The cookies for Santa have been eaten. Presents have been unwrapped. Stocking have been pillaged. And my kids are bouncing around the house like they're on meth. It must be Christmas!
I'm thrilled the day has finally arrived. All the weeks leading up to it are kind of draining. I hate the gnawing anticipation and anxiety to make this Christmas even better than the last. Conversations with friends have revealed that I'm far from the only one who feels worn out by the time Christmas Day arrives. We're ready for an end to holiday music and commercials urging us to buy just one more present to show people that we really love them. We're ready to wave goodbye to mall Santas, Salvation Army bell-ringers, and lines of crazed shoppers at Target. We want to stop worrying about what to serve, what to buy, and how we're going to live with our mother-in-law without resorting to violence.
One of the reasons I hate the commercialization of Christmas is that it infallibly results in a post-seasonal depression. While I'm happy for Christmas to finally arrive, I know I'll experience a little let-down in the weeks ahead. There's so much pressure, from all kinds of sources, to have the "perfect" holiday season. Magazines instruct us on the perfect holiday menu, table decorations, and music to play in the background. Television hosts teach us how to choose and decorate the perfect Christmas tree. Supermarkets advertise the perfect wine. Stores hawk the perfect gift for moms/teachers/aunts/neighbors/school bus drivers/spouses. Commercials tell us what the perfect outfit for entertaining is, and where to buy it. It seems that there's nothing else to talk about.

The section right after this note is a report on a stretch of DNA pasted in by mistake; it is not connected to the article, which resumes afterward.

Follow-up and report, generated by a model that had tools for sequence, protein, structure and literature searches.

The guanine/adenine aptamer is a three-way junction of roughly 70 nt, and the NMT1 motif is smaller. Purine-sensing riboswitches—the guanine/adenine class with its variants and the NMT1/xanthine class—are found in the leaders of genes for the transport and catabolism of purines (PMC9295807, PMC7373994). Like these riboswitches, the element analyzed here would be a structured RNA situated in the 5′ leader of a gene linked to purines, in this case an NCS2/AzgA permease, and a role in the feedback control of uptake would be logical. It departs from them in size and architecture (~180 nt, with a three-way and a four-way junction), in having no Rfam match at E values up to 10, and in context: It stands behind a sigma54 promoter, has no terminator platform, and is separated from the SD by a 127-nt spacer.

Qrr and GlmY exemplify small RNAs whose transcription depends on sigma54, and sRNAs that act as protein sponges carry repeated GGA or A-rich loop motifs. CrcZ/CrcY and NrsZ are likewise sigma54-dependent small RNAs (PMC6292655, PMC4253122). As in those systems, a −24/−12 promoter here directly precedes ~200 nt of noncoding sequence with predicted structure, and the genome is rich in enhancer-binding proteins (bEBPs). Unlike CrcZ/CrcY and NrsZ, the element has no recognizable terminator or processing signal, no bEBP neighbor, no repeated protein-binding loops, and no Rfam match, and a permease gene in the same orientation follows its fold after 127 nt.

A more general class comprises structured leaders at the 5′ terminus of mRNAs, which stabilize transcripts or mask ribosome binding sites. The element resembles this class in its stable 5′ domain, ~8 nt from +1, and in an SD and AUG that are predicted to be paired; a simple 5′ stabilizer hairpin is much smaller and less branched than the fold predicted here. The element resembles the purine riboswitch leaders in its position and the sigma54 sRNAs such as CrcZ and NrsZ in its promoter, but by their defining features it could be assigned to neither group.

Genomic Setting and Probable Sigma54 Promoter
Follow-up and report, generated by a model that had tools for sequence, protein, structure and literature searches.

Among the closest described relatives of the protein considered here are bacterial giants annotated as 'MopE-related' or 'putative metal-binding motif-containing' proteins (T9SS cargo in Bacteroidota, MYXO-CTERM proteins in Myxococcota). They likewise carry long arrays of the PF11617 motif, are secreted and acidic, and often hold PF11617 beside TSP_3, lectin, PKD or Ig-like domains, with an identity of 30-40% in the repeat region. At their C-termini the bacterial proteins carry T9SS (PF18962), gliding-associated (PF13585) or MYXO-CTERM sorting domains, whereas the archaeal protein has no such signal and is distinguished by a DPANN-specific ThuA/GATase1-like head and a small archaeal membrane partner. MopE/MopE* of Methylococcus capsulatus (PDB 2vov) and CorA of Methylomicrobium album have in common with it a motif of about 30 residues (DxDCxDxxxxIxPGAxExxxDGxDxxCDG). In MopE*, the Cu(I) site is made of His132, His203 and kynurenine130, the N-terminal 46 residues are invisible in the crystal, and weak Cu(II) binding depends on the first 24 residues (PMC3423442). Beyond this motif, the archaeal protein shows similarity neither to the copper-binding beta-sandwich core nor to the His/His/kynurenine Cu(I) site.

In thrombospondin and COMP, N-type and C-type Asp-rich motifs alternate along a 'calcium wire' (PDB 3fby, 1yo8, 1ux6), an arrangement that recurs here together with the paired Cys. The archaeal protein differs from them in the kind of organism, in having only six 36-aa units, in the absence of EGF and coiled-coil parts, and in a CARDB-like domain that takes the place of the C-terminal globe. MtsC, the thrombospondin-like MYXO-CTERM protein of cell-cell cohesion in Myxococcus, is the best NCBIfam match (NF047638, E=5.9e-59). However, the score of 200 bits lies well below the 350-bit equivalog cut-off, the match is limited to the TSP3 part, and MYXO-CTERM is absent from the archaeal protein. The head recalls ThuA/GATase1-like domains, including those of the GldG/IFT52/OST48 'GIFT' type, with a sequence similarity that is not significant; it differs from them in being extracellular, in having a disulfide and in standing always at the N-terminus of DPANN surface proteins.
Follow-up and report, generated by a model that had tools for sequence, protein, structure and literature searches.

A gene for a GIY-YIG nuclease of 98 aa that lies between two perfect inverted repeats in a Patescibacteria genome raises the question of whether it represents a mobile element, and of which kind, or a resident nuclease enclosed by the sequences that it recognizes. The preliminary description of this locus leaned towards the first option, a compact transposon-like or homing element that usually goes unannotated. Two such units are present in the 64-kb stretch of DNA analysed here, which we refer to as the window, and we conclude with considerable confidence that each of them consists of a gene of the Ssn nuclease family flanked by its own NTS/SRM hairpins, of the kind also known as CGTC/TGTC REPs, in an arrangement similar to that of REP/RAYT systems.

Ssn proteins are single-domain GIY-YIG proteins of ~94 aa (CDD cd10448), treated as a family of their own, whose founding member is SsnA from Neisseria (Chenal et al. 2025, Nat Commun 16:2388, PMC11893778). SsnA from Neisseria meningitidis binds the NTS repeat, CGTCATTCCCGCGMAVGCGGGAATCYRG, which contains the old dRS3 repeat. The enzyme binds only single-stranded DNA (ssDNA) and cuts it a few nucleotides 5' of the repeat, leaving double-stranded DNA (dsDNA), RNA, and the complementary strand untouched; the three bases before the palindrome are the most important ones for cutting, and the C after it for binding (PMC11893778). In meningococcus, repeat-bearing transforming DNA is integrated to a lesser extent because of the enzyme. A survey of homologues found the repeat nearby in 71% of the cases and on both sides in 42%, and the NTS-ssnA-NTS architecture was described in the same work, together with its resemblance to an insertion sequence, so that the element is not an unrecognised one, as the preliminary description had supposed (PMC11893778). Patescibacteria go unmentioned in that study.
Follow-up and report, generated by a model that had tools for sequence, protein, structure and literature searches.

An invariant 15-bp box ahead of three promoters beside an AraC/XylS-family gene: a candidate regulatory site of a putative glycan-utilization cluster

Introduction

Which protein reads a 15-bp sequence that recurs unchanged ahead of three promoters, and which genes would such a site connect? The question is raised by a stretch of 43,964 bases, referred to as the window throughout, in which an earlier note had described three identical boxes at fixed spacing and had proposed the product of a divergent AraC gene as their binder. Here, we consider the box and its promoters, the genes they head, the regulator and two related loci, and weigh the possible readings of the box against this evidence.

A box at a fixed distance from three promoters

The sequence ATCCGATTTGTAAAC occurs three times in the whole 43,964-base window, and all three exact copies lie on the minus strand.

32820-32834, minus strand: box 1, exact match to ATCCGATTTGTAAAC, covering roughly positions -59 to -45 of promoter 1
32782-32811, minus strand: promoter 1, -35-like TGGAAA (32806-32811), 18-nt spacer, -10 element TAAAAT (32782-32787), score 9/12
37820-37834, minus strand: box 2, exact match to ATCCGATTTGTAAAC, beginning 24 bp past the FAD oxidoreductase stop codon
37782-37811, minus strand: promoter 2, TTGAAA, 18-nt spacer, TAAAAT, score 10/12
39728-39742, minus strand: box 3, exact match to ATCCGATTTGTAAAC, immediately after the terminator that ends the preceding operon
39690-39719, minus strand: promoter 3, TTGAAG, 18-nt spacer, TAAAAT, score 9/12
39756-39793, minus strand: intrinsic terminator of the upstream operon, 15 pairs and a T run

And then, suddenly, BAM! it's over, and it's January and freezing out and everything looks bleak and colorless and sort of sad. And now, there really is nothing to talk about.
I hate that let-down. It kind of takes away from the appreciative, grateful spirit we should have after Christmas. We should be fondly mulling over the time we spent with family, enjoying whatever Santa brought us, and reflecting on how fortunate we are. Instead we're mopey and depressed. This year, I'm going to work harder than I ever have to avoid post- Christmas traumatic stress disorder. I'm going to see my friends, focus on building this blog, start some new books and resume training for a 10k. I'm going to make some long-range goals for a business.
And who knows...the end of the holidays might be the start of something even better.
|Thrifted vintage Pendelton wool blazer; thrifted Kansas State tee; Target long-sleeved tee; Old navy jeggings; Justin boots; Forever 21 necklace; Forever 21 bracelets|